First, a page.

Not your preferences, not your pet peeves, not your preferred political policies, not your personal conscience on secondary issues that scripture does not directly address. Preach God's word. Let that, let his word fill your preaching and teaching. God's word must be the center of our proclamation as pastors and ministers. Now as you might imagine if you preach God's word alone it can come with a cost and we learn this in the life of Jeremiah and we're going to see this now as we turn to look at the substance of our persecution.

Now for the sake of time our text is fairly large this morning. I'm going to summarize some of what happens next. In verses 11 to 15 of chapter 37 Jeremiah tries to leave Jerusalem to go receive a plot of land. This is during the time when the Babylonians have kind of removed themselves from their attacking stance. Now he's going to receive this and when he gets to the gate someone stops him and falsely accuses him of deserting to the Babylonians. They had heard his message that the Babylonians were going to defeat Jerusalem and so there he falsely accuses Jeremiah of deserting to them since he knows they're going to win or since that's his message. Well Jeremiah says that's not true, that's not what I'm doing but here's the result of this in verse 15. And the officials were enraged at Jeremiah and they beat him and imprisoned him in the house of Jonathan the secretary for it had been made a prison. So here we learn proclamation of God's word is not always going to be met with joyful acceptance.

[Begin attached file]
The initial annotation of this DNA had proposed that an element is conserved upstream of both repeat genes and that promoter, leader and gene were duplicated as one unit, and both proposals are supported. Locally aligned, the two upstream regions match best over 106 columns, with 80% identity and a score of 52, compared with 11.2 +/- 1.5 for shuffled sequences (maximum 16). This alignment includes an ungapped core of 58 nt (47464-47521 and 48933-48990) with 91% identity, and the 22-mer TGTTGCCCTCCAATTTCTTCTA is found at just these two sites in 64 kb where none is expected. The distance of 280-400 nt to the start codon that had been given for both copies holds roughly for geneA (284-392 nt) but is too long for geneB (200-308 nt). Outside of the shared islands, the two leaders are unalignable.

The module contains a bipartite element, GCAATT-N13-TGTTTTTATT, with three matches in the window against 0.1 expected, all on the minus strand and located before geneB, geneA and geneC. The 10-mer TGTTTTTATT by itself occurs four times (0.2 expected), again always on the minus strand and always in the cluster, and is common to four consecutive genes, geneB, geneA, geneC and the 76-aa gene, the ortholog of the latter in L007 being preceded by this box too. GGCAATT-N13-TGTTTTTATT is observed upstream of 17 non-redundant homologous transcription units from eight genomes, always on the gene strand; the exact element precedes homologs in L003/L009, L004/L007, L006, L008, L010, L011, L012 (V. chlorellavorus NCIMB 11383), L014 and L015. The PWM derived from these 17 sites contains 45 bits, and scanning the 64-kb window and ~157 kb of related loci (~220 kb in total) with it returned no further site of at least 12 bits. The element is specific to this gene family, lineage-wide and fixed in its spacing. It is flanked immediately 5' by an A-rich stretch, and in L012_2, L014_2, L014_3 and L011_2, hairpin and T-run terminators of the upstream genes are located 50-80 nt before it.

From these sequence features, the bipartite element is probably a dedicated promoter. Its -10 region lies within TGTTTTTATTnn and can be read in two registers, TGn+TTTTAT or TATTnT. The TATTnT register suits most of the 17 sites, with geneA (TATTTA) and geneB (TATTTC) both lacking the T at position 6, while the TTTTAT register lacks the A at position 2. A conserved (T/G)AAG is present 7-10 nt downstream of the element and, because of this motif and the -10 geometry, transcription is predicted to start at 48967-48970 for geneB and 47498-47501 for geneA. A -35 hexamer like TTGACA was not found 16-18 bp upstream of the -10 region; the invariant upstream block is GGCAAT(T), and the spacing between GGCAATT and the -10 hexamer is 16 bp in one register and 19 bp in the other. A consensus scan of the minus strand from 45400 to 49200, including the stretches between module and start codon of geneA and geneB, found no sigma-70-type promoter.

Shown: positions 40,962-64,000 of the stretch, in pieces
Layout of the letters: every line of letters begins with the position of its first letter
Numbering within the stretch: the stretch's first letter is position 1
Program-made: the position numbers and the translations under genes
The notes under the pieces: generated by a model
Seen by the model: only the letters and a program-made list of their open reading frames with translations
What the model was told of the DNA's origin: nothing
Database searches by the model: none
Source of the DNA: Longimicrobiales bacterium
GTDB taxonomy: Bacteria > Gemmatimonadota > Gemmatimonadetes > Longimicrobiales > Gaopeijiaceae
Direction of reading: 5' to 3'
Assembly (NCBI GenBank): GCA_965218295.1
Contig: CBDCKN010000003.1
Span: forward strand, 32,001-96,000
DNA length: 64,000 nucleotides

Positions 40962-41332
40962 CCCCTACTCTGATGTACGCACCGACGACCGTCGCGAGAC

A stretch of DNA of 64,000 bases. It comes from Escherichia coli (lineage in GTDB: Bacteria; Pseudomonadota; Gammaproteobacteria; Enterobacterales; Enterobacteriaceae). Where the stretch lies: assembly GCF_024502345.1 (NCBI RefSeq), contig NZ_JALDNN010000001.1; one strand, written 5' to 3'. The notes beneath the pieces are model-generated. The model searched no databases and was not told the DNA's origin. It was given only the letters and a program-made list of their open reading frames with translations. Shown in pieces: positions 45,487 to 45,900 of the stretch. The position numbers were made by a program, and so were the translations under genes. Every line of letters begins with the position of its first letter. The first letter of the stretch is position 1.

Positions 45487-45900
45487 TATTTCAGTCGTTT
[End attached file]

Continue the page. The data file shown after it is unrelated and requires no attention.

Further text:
Sometimes it's going to be met with stubborn resistance. Well we're told in verse 16 that Jeremiah stayed locked up for many days. And then in 16 to 21 King Zedekiah sends for Jeremiah again. So this is now the second interaction between Zedekiah and Jeremiah. And it says that he calls to talk to Jeremiah in private and I'll come back to that point in a minute. But look at what he says to Jeremiah in verse 17. You can almost see him leaning in to ask Jeremiah this. Is there any word from the Lord?

Now hold on a second. Is Zedekiah serious? Haven't we been through this already? Maybe Zedekiah assumes that some time spent in the dungeon will have softened Jeremiah up a little bit. Either way Jeremiah is once again clear and authoritative in his answer. I love the way this is written. You can almost see him leaning in back to answer Zedekiah.

There is. You're going to be delivered into the hand of the king of Babylon. Same answer as he gave before.